actors theatre of louisville

Arts and Humanities
7:00 am
Thu April 18, 2013

The Big Break: The Grand Finale

The first season of our audio diary series “The Big Break,” comes to a close this week. Since last fall, understudies and apprentices take us behind the curtain at the Kentucky Opera, Actors Theatre of Louisville and the Louisville Ballet. 

We'll launch the next season of The Big Break with a new class of up-and-coming artists in the early fall. 

For their final diaries, actor Samantha Beach and dancer Claire Horrocks reflect on their time in Louisville and shaer what lies ahead now that the season is over. 

Arts and Humanities
6:49 am
Fri April 5, 2013

'Sleep Rock Thy Brain' Play Uses Science As Inspiration

Originally published on Thu April 4, 2013 8:20 pm

Transcript

ROBERT SIEGEL, HOST:

Well, now a more subjective study of dreams. It comes from the Humana Festival of New American Plays in Louisville, Kentucky. The festival was founded by Actors Theatre of Louisville. And each year, that theater commissions a new work for its company of apprentice actors. This year's show, a series of three one-act plays, is called "Sleep Rock Thy Brain."

Erin Keane of member station WFPL got a front row seat.

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Arts and Humanities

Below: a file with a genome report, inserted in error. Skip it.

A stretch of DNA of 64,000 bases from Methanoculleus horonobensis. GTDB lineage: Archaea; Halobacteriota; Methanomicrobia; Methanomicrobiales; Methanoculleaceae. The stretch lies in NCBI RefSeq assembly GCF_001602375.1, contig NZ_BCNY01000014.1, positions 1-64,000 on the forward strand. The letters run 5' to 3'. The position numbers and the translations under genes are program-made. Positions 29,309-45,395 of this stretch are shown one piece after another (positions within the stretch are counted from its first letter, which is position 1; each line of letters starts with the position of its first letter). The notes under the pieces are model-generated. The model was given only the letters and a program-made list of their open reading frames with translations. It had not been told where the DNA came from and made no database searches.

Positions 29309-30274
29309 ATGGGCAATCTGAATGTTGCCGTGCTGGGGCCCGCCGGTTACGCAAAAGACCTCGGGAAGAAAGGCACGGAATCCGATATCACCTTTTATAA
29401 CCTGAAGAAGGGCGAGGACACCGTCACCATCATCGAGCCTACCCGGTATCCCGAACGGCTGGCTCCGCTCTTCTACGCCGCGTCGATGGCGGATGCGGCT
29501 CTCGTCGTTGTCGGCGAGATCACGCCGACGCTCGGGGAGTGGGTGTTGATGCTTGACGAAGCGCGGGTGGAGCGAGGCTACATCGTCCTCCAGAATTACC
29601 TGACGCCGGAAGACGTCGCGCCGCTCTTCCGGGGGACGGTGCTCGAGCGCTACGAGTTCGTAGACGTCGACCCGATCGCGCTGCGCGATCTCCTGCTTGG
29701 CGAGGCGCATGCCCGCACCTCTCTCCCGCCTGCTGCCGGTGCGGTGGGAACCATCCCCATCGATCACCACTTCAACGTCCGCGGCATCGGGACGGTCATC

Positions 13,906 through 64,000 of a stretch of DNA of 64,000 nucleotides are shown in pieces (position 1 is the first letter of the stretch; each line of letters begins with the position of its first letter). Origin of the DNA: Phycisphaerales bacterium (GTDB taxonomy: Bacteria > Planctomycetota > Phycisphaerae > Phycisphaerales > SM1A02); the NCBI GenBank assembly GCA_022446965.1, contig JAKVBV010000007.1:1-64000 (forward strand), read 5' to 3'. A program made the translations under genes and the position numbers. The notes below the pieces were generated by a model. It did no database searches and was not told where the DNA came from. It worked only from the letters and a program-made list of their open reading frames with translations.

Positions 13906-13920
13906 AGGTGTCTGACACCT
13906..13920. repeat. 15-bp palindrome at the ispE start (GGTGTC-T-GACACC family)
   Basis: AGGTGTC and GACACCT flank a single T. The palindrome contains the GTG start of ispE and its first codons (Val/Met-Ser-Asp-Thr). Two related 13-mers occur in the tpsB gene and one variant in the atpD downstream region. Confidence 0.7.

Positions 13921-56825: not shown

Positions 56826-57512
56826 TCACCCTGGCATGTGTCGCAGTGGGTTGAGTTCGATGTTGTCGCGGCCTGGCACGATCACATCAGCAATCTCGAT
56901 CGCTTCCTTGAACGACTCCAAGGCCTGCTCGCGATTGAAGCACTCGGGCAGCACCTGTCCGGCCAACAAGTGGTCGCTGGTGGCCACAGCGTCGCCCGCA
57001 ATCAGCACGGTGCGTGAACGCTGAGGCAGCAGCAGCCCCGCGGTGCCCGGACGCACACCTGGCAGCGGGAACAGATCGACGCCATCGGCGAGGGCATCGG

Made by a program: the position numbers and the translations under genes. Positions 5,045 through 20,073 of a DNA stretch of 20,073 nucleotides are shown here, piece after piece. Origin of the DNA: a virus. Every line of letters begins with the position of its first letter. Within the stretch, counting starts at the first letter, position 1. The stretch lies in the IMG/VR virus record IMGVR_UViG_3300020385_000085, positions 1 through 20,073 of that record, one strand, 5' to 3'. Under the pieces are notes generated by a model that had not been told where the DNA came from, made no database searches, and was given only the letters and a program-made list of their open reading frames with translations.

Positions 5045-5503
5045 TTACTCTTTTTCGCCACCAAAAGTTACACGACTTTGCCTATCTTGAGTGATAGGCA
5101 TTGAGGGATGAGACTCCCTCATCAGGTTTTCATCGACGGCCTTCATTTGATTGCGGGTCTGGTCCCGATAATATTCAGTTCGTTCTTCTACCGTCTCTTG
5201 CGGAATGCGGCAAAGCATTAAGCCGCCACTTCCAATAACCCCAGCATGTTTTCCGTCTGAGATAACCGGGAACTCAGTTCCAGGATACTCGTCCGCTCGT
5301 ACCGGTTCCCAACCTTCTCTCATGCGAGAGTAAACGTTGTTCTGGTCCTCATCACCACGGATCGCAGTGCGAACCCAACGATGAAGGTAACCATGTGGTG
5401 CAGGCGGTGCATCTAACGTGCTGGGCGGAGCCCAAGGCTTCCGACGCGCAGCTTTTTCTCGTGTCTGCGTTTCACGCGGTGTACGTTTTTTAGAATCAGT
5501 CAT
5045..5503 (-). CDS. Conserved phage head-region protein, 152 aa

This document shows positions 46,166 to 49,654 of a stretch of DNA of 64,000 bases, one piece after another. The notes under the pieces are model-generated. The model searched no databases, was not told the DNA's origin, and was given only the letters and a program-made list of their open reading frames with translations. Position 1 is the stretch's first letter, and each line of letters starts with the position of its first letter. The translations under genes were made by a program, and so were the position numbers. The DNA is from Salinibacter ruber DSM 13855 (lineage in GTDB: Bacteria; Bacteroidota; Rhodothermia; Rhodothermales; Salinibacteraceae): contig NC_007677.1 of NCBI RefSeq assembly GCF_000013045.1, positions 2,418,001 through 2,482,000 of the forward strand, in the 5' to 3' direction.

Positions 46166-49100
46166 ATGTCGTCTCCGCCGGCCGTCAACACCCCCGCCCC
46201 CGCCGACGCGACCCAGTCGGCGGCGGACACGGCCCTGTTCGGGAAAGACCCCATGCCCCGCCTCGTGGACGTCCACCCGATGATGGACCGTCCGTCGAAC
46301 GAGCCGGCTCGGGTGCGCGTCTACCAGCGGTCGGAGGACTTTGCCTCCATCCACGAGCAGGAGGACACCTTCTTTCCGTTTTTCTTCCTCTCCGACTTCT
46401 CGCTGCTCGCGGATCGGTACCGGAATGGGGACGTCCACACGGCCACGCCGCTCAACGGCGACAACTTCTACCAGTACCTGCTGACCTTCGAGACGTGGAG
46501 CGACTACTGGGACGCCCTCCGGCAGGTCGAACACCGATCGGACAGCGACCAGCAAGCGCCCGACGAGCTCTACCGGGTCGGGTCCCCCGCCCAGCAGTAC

7:00 am
Thu April 4, 2013

The Big Break: The Next Steps

On our audio diary series “The Big Break,” understudies and apprentices take us behind the curtain at the Kentucky Opera, Actors Theatre of Louisville and the Louisville Ballet. The season is almost over for the actors and dancers. Her time in Louisville is almost up, so Actors Theater apprentice Samantha Beach has to decide where she wants to build the next phase of her career. Louisville Ballet trainee Claire Horrocks makes plans for her summer that will help her prepare for a possibility every dancer fears -- the day she can't dance anymore.

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Arts and Humanities
7:00 am
Thu March 28, 2013

The Big Break: High Notes and Early Calls

This week on The Big Break, Actors Theatre of Louisville apprentice Samantha Beach reflects on tech week for "Sleep Rock Thy Brain," the apprentice play that opened last weekend in the Humana Festival of New American Plays. (The music in this week's episode is from "Sleep Rock Thy Brain," composed and performed by Scott Anthony, the show's composer and sound designer.)

Over at the Louisville Ballet, trainee Claire Horrocks, who also teaches at the ballet school, describes the joyful madness that is a spring showcase, a true community effort at the Louisville Ballet School. 

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Arts and Humanities
3:53 pm
Mon March 25, 2013

REVIEW | Immerse Yourself in 'O Guru Guru Guru'

Rebecca Hart in "O Guru Guru Guru, or why I don't want to go to yoga class with you."
Alan Simons Actors Theatre of Louisville

Playwright Mallery Avidon had an unconventional upbringing. As a kid and young teen she lived, on and off, in an ashram -- the same ashram that later cropped up as a setting in Elizabeth Gilbert's nonfiction book "Eat Pray Love," later made into a movie starring Julia Roberts. Avidon mines those experiences in her engaging autobiographical play, "O Guru Guru Guru or why I don't want to go to yoga class with you," an attempt to reconcile several complicated, competing emotions about contentment, identity and spirituality.